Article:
Brandon: You were just speaking about being aware of what the Japanese market tends to prefer musically. How much of a break down would you say your audience is in the Japanese or Asian market as opposed to the domestic market? Are you a much larger presence overseas than you are domestically?
Marcus D: Yeah, [by] a lot. When my first album came out in Japan, I think it sold around 3,500 copies, and this is just me as a new artist that nobody had heard on just a regular, independent label. Here in the U.S. it’s difficult to even get an independent label to look at you. Most of the time, I choose to just do all of the distribution on my own because that way I’m not giving my entire life to a label to promote my stuff. Out there, labels still take a lot of the percentage but they usually give pretty good advances. They set up booths in all of the stores. So with this release, my album had the main display case in every Tower Records in Tokyo. The Tower Records in Harijuku and Shibuya had my CD in the display case. [Tower] has the #1 album and #2 kind of like we do at all the FYE’s and different places in the U.S. The album was actually #1 on there.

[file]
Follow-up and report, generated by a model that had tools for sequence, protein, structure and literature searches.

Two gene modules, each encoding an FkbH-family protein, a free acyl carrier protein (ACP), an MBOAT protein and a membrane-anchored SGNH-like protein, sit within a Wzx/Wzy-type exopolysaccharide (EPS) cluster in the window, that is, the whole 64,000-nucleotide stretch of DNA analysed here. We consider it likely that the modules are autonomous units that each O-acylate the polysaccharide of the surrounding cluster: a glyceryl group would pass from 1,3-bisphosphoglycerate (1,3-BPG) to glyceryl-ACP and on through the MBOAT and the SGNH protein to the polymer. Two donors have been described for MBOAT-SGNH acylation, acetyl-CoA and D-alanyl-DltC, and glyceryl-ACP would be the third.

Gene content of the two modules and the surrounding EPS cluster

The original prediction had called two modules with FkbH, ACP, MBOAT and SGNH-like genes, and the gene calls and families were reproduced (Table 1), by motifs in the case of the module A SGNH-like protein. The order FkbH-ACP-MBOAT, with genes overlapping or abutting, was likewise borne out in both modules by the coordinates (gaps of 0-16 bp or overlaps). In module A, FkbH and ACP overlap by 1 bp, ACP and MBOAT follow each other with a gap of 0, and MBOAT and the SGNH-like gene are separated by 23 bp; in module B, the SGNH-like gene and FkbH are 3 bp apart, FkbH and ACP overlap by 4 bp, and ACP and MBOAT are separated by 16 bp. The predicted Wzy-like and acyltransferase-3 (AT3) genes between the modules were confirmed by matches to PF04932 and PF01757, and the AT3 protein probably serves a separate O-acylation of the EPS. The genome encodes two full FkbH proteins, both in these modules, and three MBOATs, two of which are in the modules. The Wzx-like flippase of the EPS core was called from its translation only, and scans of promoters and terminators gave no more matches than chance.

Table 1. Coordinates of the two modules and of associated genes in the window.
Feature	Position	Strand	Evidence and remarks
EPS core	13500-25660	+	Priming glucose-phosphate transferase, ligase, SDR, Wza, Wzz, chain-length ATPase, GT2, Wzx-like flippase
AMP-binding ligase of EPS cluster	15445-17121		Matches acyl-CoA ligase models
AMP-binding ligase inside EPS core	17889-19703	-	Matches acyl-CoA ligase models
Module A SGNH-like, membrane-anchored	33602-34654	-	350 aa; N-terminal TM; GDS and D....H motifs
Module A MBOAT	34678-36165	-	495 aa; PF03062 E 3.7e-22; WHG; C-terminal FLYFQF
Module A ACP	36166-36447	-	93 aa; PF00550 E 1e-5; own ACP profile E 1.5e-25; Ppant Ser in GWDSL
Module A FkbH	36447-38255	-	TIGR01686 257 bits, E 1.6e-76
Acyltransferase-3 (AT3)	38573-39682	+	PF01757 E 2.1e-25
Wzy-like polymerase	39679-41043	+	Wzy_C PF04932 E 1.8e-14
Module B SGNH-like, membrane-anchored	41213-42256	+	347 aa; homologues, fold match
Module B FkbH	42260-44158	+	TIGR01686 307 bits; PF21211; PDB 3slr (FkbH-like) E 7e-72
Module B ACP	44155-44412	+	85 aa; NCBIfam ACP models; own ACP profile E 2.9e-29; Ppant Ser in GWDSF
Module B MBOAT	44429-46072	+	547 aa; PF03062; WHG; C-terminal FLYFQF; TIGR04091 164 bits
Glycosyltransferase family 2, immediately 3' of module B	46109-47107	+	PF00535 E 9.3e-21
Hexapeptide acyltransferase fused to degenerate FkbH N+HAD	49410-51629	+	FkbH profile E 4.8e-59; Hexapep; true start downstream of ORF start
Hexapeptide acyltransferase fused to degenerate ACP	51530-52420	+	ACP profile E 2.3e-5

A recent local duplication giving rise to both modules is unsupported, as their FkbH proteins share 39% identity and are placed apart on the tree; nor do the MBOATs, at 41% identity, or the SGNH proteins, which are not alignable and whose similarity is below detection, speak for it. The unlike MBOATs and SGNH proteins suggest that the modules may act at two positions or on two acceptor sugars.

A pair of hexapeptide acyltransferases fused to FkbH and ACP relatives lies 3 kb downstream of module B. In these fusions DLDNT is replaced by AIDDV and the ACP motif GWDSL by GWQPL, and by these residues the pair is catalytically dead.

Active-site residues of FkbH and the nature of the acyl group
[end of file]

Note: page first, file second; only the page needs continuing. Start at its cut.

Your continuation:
[There's] definitely more of a presence for my stuff over there than over here because I get a lot more show opportunities in Japan. There’s usually at least ten times the amount of people that come out to the shows there than they do here. It’s the same for Substantial too. When we were at the restaurant having dinner with the owner of Hydeout, there was a fan that recognized him in the restaurant and asked for an autograph. It’s pretty crazy when he goes out there because there’s posters of his face in different record shops.